Meanwhile, here is the latest on this ongoing contract situation.

    Making an impression: Sergachev has ‘NHL written all over him’

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    Mikhail Sergachev has, over the summer, stated his belief he can play in the NHL this season.

    He had a small taste of NHL action last season, appearing in four games for Montreal — the team that selected him ninth overall in 2016 — before getting sent back to junior and then being traded in June to Tampa Bay, as part of a blockbuster involving Jonathan Drouin to the Habs.

    Well, Sergachev made a statement Wednesday in his preseason debut for the Lightning.

    He scored once. He also played more than 22 minutes, which led all Lightning players on the night. That included time on the power play and penalty kill. If he was looking to make a favorable impression, to show that he belongs at the NHL level when the regular season begins, this seems to be another step in that direction.

    “You watch this kid skate, shoot, stickhandle, he’s got NHL written all over him,” Tampa Bay’s associate coach Rick Bowness told the Tampa Bay Times. “Now we’ve got to give him experience. How much can he handle?”

    There is competition on the blue line, with eight defensemen under contract in Tampa Bay for this season. That includes Sergachev, who is still only 19 years old. After getting sent back to junior last season, he recorded 43 points in 50 games with Windsor and then won the Memorial Cup that spring. That said, he’s made it a point of saying going back to junior “is not an option” for him.

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    Looking to make the leap: Mikhail Sergachev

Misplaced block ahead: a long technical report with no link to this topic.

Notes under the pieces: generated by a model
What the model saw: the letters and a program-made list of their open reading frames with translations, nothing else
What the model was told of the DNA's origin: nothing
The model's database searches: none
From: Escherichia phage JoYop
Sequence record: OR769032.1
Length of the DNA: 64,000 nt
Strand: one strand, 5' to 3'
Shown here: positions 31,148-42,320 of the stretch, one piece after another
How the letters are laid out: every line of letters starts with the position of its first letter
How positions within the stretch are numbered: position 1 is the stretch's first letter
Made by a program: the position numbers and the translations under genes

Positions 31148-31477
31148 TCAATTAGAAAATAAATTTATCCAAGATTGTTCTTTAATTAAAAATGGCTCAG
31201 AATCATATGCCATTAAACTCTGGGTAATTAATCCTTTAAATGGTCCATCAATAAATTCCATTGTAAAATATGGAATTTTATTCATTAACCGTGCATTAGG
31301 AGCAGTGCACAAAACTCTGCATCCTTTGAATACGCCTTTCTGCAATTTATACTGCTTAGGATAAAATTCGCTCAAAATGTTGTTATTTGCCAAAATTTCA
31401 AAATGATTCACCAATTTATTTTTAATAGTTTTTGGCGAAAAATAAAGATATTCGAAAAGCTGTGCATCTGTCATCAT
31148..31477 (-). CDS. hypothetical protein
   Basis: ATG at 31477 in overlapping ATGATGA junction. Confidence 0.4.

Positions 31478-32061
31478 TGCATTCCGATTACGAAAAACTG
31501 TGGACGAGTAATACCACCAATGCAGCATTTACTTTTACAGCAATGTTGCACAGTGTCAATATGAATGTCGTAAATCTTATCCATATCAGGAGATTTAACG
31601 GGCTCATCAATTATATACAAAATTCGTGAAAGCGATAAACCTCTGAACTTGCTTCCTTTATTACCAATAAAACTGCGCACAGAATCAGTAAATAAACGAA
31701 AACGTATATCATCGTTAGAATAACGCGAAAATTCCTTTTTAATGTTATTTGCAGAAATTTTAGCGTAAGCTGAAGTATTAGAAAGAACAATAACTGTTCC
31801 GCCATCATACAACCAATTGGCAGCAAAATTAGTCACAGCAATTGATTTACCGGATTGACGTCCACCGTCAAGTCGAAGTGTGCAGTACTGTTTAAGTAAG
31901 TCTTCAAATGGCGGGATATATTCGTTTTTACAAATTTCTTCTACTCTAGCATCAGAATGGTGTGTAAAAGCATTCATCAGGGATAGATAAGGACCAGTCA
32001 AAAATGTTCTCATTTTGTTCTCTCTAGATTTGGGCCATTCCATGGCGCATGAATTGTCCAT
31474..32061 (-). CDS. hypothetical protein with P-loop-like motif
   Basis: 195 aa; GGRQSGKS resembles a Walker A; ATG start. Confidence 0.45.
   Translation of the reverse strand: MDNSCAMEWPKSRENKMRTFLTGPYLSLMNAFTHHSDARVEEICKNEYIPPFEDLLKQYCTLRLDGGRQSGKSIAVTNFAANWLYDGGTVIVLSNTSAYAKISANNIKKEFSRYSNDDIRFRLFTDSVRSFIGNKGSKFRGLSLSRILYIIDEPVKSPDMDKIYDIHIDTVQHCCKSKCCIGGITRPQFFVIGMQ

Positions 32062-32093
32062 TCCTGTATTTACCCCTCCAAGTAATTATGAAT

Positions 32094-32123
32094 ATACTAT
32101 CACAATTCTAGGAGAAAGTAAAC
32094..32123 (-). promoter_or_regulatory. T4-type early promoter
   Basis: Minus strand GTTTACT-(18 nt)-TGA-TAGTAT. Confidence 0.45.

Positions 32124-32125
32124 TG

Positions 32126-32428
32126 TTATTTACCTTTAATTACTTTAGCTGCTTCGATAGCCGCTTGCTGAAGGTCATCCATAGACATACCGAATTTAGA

Report: Lupul will have ‘independent medical exam’

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    Joffrey Lupul issued a statement Wednesday, saying he wouldn’t seek a second medical opinion after the Maple Leafs announced he didn’t pass his training camp physical.

    A day later, reports have surfaced that the 33-year-old forward will, in fact, undergo another, independent medical test.

    That is according to James Mirtle of The Athletic:

    Earlier this week, Lupul made accusations against the Maple Leafs on Instagram.

    “I’m ready … just awaiting the call,” Lupul wrote in the comments section of the Instagram post, per a screen grab. “haha failed physical? They cheat. Everyone lets them.”

    Lupul, who didn’t pass his physical for a second year in a row, issued an apology yesterday. But those comments — which have since been deleted — seem to have grabbed the attention of the league.

    Darren Dreger of TSN added to that, saying it’s the NHL pursuing a second medical opinion on this matter.

    “The National Hockey League has that right to pursue the second opinion. That’s exactly what they’re engaging in right now,” Dreger reported Thursday.

    “The reasoning behind it is because of the comment that Lupul made on social media. I’ll go back a year ago. The league didn’t step in a year ago but Lupul stayed quiet at that point. So they want to make sure — ‘They’ being the National Hockey League — that the medical evaluation from the Toronto Maple Leafs is 100 per cent above the board.”

    Team USA won’t include NHL draft-eligible prospects at 2018 Olympics

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    BUFFALO, N.Y. (AP) General manager Jim Johannson has ruled out the possibility of the U.S. men’s hockey team having NHL draft-eligible prospects competing at the Winter Olympics in February.

    Johannson tells The Associated Press he doesn’t view anyone from the 18-and-younger pool of prospects capable of cracking the projected lineup of non-NHL players, many of whom are opening this season playing in Europe.

    USA Hockey’s assistant executive director says he’s also targeting a number of established college players, and would not rule out keeping a spot or two open for members of the U.S. team competing at the World Junior Championships this winter.

    Johansson spoke in Buffalo, New York, on Thursday, where he is attending USA Hockey’s sixth annual All-American Prospects game. The game features the top 42 U.S.-born players eligible to be selected in the NHL draft in June.